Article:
My experience at Waltham Mills Open Studios, and the blog post I wrote for the Huffington Post’s TEDWeekends this week has gotten me ruminating obsessively about why I’m making this work, and who the work is for.
I see my artwork from Falling as being as unpopular as art gets. The combination of the work being figurative, drawn in black and white in a realistic manner, and the disturbing subject matter makes the work toxic for most people. I feel that I am making artwork that no one wants to go near. There was an article in the New York Times about photographer David Jay’s project about breast cancer called “The Scar Project.” I found these images more riveting than any article I could read about breast cancer because they say “this is what breast cancer looks like.” The images are incredibly difficult to look at, which is what I think makes them so powerful. I think in some ways I’m trying to do something similar with depression.
David Jay, The Scar Project
Ideally, I see this work as belonging in a museum. I think in a museum people are more likely to accept being challenged by an artwork than they would be at a commercial gallery. I also accept that these works will likely never sell.
I wonder if part of the reason why I’m making these images is to increase awareness of mental illness. As a young adult, I had no idea what depression was. I didn’t know that you could seek treatment and support for the kinds of emotions that I was feeling, which is why I lived without a diagnosis for over twenty years. It hurts to think about all of those years, and I constantly wonder how different my life would have been had I received treatment from the beginning.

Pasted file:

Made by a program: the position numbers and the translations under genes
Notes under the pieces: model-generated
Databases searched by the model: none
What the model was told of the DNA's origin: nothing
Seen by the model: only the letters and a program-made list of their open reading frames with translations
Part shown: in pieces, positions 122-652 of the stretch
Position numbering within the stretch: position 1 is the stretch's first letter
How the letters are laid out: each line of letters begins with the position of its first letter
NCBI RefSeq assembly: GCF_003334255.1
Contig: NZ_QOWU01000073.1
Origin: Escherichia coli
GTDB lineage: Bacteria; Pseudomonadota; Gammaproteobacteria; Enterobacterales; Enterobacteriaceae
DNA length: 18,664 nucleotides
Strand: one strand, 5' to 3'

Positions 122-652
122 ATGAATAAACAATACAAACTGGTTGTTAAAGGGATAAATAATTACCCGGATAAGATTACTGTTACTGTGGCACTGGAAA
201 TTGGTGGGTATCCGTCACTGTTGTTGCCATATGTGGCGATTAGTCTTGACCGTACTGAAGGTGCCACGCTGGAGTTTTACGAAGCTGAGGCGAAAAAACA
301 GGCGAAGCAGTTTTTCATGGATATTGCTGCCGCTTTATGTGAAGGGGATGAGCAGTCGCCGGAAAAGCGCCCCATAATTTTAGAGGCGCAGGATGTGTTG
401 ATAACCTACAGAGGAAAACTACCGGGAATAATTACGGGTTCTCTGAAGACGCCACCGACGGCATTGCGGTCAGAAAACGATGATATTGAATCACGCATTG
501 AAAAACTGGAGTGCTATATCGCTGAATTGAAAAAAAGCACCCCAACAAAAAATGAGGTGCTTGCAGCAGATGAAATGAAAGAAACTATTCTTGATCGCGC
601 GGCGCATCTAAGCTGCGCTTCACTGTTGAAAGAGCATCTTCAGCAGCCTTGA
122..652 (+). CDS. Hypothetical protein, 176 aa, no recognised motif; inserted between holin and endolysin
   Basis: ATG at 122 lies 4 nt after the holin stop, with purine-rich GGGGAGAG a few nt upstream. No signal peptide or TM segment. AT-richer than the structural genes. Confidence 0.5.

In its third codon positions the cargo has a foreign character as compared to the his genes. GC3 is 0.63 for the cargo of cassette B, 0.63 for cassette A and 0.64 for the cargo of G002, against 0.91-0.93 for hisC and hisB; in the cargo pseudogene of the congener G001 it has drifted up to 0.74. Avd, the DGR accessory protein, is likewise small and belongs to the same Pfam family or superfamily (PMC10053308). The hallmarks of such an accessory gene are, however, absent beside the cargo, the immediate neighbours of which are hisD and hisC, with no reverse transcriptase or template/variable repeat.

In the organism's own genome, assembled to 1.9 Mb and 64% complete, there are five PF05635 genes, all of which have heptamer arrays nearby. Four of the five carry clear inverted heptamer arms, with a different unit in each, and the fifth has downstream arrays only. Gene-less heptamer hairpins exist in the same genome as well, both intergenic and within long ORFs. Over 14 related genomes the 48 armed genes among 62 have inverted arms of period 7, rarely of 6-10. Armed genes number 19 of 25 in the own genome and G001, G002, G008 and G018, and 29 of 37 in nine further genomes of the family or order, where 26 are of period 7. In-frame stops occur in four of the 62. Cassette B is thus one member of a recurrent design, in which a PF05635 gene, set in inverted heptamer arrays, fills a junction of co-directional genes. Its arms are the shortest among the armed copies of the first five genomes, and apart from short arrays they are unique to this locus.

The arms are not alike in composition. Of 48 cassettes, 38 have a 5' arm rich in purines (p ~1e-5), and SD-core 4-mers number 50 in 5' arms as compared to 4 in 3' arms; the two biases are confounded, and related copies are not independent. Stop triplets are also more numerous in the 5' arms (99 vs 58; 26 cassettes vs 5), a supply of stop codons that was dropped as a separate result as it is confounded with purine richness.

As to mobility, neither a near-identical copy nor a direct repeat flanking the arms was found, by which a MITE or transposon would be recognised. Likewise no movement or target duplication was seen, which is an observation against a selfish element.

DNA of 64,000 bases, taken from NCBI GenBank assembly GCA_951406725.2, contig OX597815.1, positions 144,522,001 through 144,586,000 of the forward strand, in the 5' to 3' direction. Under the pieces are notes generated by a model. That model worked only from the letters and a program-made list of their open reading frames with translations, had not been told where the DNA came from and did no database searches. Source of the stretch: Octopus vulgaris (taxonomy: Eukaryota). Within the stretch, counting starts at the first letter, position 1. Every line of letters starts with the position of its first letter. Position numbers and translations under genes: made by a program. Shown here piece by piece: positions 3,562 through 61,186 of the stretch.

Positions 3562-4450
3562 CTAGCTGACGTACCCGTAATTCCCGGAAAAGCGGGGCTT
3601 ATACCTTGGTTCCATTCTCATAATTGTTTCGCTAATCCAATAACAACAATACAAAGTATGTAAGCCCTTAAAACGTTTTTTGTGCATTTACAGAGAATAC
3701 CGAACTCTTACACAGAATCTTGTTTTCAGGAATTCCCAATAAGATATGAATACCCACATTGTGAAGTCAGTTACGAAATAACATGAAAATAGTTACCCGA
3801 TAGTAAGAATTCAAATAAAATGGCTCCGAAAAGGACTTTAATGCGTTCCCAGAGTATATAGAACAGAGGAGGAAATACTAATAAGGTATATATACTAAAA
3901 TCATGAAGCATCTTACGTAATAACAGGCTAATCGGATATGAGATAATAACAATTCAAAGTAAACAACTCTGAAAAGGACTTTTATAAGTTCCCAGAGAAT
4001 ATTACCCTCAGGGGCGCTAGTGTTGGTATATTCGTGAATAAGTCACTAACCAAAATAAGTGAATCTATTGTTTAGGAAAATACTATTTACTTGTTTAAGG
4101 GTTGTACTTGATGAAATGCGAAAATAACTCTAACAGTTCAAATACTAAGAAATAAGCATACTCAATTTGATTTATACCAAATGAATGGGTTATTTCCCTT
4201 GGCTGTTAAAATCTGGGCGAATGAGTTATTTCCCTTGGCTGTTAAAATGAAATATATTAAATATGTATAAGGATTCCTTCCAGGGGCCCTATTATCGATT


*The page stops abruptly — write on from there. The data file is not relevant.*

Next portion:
It seems to me that there are basically two reactions to the work: 1) people who are shocked by the images and say nothing and 2) people whose lives have been affected by mental illness, who come to me privately to express what an impact my work had on them. Am I only making the work for the latter audience? Are they the only ones who are willing to go near this work?
Who do you think this work is for?